Wednesday, 22 July 2020

Battle of Britain machine lace grounds


The Battle of Britain commemorative machine lace panel made in the mid 1940s will be back on display at the Nottingham Castle Museum next year in the new lace exhibition. However if you can’t wait that long, one of the panels is on permanent display at Bentley Priory Museum in Stanmore, London. The reason I’m blogging about it today is because I’m taking part in Jane Fulman’s lace challenge on Instagram and today’s prompt is ‘grounded’. A panel about an airborne battle may seem a strange choice for grounded but in fact I’m referring to the numerous ground stitches within the panel which give it such a sense of shading and three dimensionality. For example the wheat ears include five different stitches and even the shamrock leaves include two woven areas, one slightly thicker than the other. The image above the edging shows the ruin of St Clement Danes, which was devastated by incendiary bombs in 1941. It has since been rebuilt and dedicated to the RAF. The level of shading on this, and the other images depicting the bombing of London, is amazing and allows the details of the scenes to be shown. The Battle of Britain panel celebrates the bravery of those who took part in the battle but also celebrates the skill of the machine lacemakers who made the panel.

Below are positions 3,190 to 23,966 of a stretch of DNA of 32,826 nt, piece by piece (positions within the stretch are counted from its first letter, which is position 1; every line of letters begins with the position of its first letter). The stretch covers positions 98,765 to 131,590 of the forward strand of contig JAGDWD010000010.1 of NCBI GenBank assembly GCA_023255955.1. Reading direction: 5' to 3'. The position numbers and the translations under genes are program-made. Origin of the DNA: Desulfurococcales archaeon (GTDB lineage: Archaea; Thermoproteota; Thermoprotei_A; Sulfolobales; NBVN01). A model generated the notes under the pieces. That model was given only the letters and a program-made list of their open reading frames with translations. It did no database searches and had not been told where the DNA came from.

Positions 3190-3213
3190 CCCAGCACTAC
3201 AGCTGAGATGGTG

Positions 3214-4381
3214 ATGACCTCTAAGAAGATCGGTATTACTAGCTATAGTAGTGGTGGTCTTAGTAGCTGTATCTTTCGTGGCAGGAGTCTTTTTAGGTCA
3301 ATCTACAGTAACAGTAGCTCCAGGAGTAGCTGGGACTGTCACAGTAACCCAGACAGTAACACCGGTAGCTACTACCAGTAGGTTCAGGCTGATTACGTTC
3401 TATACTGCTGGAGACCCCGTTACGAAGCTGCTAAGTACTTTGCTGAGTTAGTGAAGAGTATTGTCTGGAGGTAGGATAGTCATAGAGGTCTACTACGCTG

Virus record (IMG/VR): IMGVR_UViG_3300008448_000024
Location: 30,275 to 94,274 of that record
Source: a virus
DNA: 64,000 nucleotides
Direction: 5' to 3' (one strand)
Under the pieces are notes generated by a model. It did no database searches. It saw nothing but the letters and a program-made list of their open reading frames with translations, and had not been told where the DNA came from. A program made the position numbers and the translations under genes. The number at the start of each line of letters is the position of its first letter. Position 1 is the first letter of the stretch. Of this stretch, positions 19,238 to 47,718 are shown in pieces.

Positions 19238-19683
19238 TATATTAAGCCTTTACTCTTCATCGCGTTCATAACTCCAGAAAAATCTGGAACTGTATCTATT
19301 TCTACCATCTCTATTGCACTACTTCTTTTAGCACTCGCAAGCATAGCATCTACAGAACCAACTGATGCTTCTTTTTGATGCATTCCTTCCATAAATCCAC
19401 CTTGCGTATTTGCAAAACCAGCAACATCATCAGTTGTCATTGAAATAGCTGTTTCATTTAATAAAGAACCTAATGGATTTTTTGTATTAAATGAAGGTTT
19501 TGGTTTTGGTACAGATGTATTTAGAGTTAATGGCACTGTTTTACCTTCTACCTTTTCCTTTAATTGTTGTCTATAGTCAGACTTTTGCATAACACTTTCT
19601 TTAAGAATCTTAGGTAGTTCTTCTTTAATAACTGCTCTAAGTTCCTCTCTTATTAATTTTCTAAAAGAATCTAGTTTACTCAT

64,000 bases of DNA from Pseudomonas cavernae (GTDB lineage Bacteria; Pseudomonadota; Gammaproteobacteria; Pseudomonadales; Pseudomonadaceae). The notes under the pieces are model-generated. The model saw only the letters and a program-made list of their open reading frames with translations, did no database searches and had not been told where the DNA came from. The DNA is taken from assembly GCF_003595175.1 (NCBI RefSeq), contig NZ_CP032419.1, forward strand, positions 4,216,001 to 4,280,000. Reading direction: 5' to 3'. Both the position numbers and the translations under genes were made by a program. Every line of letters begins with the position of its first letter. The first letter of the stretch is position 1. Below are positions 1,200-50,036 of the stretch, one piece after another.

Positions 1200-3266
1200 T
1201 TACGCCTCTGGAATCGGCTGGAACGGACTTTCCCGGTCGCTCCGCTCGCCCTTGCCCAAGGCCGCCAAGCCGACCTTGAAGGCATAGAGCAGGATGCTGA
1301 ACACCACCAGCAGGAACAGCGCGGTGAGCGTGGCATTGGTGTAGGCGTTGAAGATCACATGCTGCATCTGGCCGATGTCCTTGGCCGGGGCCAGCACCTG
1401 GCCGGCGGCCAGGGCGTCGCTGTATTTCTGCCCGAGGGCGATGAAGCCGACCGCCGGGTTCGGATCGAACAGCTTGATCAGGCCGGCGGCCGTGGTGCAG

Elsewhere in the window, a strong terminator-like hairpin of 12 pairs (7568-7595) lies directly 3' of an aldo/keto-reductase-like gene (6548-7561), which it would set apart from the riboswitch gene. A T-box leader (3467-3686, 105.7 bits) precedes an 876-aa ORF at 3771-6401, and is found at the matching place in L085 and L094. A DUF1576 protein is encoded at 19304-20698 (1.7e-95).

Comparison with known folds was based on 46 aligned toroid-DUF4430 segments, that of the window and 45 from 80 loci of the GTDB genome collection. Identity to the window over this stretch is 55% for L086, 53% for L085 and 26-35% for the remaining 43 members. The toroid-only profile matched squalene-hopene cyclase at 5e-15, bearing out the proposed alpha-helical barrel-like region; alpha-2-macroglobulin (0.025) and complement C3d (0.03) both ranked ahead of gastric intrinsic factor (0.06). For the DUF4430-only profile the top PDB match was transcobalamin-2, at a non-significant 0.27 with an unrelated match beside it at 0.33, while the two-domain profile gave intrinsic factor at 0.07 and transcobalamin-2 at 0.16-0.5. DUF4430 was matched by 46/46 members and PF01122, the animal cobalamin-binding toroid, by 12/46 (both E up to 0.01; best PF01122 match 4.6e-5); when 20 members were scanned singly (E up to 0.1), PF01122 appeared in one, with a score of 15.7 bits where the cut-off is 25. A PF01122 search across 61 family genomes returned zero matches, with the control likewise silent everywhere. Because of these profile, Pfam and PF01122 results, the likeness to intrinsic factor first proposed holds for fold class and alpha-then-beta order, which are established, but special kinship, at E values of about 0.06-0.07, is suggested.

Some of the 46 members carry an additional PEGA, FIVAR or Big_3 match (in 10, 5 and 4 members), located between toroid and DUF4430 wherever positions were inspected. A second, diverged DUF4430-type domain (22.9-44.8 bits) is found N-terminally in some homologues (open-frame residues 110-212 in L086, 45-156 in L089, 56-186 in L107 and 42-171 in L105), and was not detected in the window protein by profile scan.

Wednesday, 15 July 2020

Fans for the four elements


I made the first fan in this series for an exhibition at Valtopina Lace and Embroidery Museum several years ago. The theme was a fan based on one of the four elements: earth, air, fire and water. I chose water for my theme and incorporated a bobbin lace design of water droplets into silk paper to make a small pale blue fan – you can see how I did it in a blog I wrote in September 2014.